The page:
Jay muses that the line “What the digamma?” might actually be a disguised form of “What the fuck?” since the archaic Greek letter digamma (Ϝ) strongly resembles the Latin letter F (even though it was originally pronounced as /w/). So was the author of this verse cleverly using Homeric Greek to express a proto-WTF?
What the fuck has become so commonplace that, as our own Nancy Friedman pointed out, marketers are no longer shy about alluding to it. But its ubiquity has meant a loss of its former power, and we’ve had to find ways to intensify it when our amusement or bewilderment graduates to incredulity.
How the fuck did what the fuck become acceptable — nay, desirable — as a template for business names and ad campaigns? The obvious rhymes, the winking allusions, the no-apologies acronyms: It’s a WTFestival out there.
The Internet has been a-twitter this week with news that McDonald’s, that venerable fast-food chain, has been ruining children’s lives. No, this is not about nutrition–what do you think this is, a food blog? No, this is about Minions.
Minions, for those unaware, are the little yellow figures that resemble walking, babbling Advil capsules and which debuted in the movie Despicable Me. They currently have their own movie and consequently their own requisite appearance as the toy of the season in the McDonald’s Happy Meal(TM). The McDonald’s toys babble when you tap them on a hard surface, and here is where the proverbial shit hits the fan: parents are complaining that one of the toys barks “what the fuck.” Continue reading
Ever seen an old printed book with the letter S that looks like an F? This ligature, to the uninitiated, looks like ſ; it’s called the ‘long s’, and it has very much fallen out of use in modern typography. John Bell is widely credited for the demise of the long S, which is why we don’t see it very much any more, but it is often seen in European books printed between the 1400s and 1790s.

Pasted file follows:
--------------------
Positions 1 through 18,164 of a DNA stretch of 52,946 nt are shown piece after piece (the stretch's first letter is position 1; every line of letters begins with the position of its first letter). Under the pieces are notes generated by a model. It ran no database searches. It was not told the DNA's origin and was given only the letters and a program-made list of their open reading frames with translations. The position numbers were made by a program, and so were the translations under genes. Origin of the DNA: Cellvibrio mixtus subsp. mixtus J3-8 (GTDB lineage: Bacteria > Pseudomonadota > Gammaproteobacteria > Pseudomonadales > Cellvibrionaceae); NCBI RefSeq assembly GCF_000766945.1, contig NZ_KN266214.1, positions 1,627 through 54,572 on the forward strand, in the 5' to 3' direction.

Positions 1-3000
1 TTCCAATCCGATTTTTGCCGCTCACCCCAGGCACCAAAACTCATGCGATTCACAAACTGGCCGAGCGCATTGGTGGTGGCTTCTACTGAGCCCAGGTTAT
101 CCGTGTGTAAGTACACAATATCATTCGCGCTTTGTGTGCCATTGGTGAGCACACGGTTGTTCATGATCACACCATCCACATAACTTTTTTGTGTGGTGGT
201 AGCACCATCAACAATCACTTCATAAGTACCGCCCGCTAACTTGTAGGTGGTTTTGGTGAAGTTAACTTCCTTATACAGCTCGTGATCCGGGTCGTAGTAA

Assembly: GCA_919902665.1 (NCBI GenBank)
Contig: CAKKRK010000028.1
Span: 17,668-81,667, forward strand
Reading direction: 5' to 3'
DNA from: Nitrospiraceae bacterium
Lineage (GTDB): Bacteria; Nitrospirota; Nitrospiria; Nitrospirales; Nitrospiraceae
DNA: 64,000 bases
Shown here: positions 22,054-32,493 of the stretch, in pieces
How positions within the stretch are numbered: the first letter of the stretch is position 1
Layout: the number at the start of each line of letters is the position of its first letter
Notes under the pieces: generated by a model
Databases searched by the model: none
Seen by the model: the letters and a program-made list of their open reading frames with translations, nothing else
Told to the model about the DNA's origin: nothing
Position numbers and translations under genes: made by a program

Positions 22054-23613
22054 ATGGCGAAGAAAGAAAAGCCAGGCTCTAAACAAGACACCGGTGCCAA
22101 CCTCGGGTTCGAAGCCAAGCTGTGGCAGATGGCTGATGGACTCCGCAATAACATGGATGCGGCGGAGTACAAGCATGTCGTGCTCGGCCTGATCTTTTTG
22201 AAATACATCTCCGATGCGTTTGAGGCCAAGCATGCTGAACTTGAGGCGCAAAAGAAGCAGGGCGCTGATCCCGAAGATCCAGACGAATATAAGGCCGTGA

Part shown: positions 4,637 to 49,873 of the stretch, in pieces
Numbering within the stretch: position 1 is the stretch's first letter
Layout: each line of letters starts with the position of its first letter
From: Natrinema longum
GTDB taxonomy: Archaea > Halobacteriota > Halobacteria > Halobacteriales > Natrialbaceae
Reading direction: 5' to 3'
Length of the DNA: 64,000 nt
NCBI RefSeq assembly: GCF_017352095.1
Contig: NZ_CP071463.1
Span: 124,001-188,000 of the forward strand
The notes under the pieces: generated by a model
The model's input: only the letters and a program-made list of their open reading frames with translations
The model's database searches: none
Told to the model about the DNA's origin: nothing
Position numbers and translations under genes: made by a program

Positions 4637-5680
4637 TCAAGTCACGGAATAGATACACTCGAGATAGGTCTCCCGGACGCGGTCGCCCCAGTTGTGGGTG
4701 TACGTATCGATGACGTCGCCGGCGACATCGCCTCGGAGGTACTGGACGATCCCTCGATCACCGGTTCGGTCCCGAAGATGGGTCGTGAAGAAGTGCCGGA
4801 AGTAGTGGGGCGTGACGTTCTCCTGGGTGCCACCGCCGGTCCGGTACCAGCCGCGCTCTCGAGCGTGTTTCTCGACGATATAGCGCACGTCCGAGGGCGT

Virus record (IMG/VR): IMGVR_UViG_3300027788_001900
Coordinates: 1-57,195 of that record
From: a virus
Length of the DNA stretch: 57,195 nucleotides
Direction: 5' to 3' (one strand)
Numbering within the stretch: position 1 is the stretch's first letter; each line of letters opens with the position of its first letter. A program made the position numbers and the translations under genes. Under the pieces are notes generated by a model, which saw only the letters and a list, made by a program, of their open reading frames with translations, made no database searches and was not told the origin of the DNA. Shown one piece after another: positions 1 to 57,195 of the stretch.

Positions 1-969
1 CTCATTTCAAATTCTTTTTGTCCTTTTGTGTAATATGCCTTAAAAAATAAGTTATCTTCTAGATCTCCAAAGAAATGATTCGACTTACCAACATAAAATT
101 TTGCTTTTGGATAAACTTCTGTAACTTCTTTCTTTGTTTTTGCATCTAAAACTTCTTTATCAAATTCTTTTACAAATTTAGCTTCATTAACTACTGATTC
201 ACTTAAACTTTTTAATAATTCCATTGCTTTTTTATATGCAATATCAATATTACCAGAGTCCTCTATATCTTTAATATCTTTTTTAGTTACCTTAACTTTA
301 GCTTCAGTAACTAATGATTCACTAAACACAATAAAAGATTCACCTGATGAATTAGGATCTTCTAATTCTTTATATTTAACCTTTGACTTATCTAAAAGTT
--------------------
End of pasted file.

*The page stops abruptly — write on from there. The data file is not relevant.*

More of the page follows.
The google ngram reader relies heavily on optical character recognition (OCR) software to make their books searchable; OCR software strives to match each printed character in a text to a recognized typographic character. Even human readers can have difficulty with reading text which heavily use the ſ, as seen from this 1739 printed example of Ben Jonson’s The Alchemist:
The Google Books Ngram project is a thoroughly imperfect resource for studying linguistic change in English-language print, mostly because out-of-fashion typographic conventions such as long-S completely throw off searches. To the untrained eye, or to a computer doing its very best to apply modern rules to anachronistic text, the word ‘suck’ using the long-S looks an awful lot like “fuck”. Google seems to know about it, too, as they make their default search dates 1800-2000, but you can easily change that to 1500-2000 and observe the differences in uses between ‘suck’ and ‘fuck’. The primary difference is that between 1650 and 1790, ‘fuck’ appears to be printed far more often than than ‘suck’, with a noticeable switch around 1665: